Mental illness may also cause confusion, among which include mania, schizophrenia and depression. Psychological stressors such as emotional shock stemming from grief, anger or fear are also some of the causes of confusion. People with low blood sugar, fluid or electrolyte imbalance, nutritional deficiencies, high fever, brain tumors, seizures, and sleep deprivation may experience episodes of confusion, as well.


Confusion itself is a symptom and may be one of the co-existing manifestations of an illness, disease, or disorder. Confusion can run the gamut from mild to moderate to severe, and a person experiencing disorganized or muddled thinking characterizes it. A person who is confused is prone to behaviors that can range from unusual to bizarre to aggressive. Another symptom of confusion is an immense difficulty attempting to solve problems or accomplish tasks that were previously easy to perform. People suffering from confusion will also find it hard to recognize members of their own family, and even familiar objects.

Other symptoms of confusion include drowsiness, disorientation, or hyperactive behavior. A confused person may also experience paranoia, delirium, and hallucinations.

A person will need emergency medical attention if confusion occurs suddenly, or is accompanied by headache or dizziness, faintness, a rapid heartbeat, very slow or very fast breathing, chills, fever, or clammy skin. If a person has previously been diagnosed with diabetes and appears confused, they will need to see a doctor immediately.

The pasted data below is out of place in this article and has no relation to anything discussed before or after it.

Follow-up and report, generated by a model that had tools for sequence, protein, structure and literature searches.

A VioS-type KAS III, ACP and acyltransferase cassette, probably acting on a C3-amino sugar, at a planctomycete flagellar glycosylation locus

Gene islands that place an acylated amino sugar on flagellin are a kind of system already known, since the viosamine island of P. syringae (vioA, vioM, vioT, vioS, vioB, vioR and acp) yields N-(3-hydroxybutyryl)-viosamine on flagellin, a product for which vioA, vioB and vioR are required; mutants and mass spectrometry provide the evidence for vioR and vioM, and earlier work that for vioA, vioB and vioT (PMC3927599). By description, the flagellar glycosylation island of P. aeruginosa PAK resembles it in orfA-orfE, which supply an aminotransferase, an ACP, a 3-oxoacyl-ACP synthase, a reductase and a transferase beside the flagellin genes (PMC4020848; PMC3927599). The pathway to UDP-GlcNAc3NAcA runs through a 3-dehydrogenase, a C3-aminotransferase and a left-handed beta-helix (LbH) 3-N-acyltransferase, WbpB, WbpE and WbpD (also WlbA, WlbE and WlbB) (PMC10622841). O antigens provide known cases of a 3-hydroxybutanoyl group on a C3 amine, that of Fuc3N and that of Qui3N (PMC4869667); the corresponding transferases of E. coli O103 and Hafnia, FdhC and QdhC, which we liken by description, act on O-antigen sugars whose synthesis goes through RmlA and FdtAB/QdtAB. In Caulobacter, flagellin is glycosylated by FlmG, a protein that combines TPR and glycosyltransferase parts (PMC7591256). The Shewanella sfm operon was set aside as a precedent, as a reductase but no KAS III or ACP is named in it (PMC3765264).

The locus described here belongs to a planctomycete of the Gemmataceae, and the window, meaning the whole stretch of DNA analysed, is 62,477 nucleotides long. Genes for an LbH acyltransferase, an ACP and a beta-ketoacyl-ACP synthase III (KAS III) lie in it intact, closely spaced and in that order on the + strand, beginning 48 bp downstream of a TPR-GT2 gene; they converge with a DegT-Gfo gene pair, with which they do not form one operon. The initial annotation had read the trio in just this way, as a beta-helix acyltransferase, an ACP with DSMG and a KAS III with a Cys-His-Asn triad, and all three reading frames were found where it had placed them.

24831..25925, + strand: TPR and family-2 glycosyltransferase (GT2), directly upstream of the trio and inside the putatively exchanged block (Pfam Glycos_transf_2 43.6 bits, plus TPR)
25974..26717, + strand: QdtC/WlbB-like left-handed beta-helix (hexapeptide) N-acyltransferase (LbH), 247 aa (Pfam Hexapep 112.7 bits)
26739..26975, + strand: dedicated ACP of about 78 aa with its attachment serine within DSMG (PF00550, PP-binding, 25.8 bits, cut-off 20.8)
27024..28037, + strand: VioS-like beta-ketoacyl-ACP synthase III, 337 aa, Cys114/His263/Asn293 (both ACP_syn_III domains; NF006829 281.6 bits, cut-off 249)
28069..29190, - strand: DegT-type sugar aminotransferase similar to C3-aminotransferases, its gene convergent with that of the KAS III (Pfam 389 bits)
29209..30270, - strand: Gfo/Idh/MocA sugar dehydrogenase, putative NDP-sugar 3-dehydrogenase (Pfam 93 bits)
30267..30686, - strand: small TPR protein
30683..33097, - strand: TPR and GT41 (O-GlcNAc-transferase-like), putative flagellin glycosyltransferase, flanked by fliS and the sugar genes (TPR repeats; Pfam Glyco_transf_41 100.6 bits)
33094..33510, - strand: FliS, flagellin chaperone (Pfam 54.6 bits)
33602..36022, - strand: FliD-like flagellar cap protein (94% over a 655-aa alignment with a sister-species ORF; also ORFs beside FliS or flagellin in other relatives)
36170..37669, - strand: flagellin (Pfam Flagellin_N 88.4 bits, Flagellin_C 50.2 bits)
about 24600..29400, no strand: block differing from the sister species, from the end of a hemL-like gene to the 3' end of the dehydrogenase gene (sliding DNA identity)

Any confusion that follows a trauma to the head, or immediately succeeding unconsciousness is a cause for serious concern. Even if the symptoms of confusion appear gradually over time, a person should consult a specialist for appropriate diagnosis and treatment.

The medical practitioner will conduct a thorough physical examination and ask several questions related to the symptom of confusion. The patient will be asked if they frequently mix up day and night, if they experience insomnia, or have difficulty recognizing people they know. The doctor will also inquire if the patient is cognizant of their identity, location, date and time, and will evaluate whether the patient is able to answer all questions correctly.

The frequency of episodes when the patient is confused will also be determined, and whether the patient has experienced a recent illness, such as diabetes, chronic bronchitis, or a head injury, which may be the cause of the state of confusion. The doctor will also inquire about the patient’s history of drug and alcohol intake, as well as any other medications that the patient may be taking.

Other diagnostic tests that may determine the presence and cause of confusion may include neurological and cognitive tests to evaluate the functions of both the brain and nervous systems. The doctor may also order a magnetic resonance imaging (MRI) scan of the head, as well as an EEG, and blood and urine tests, depending on the severity of the symptoms of confusion.

There exists no specific treatment to cure confusion. Any treatment that is undertaken should address the main cause of the confusion, be it physiological or psychological.


Caring for a person who suffers from confusion will entail the full time cooperation of the patient’s family, as well as a caregiver. The patient should be accompanied at all times to ensure their safety. In some cases, physical restraints may be necessary to prevent instances of aggressive behavior.

Surroundings will need to be kept quiet, peaceful and calm, in order to keep the confused patient in a relatively restful state.
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Medication commonly used for these disease: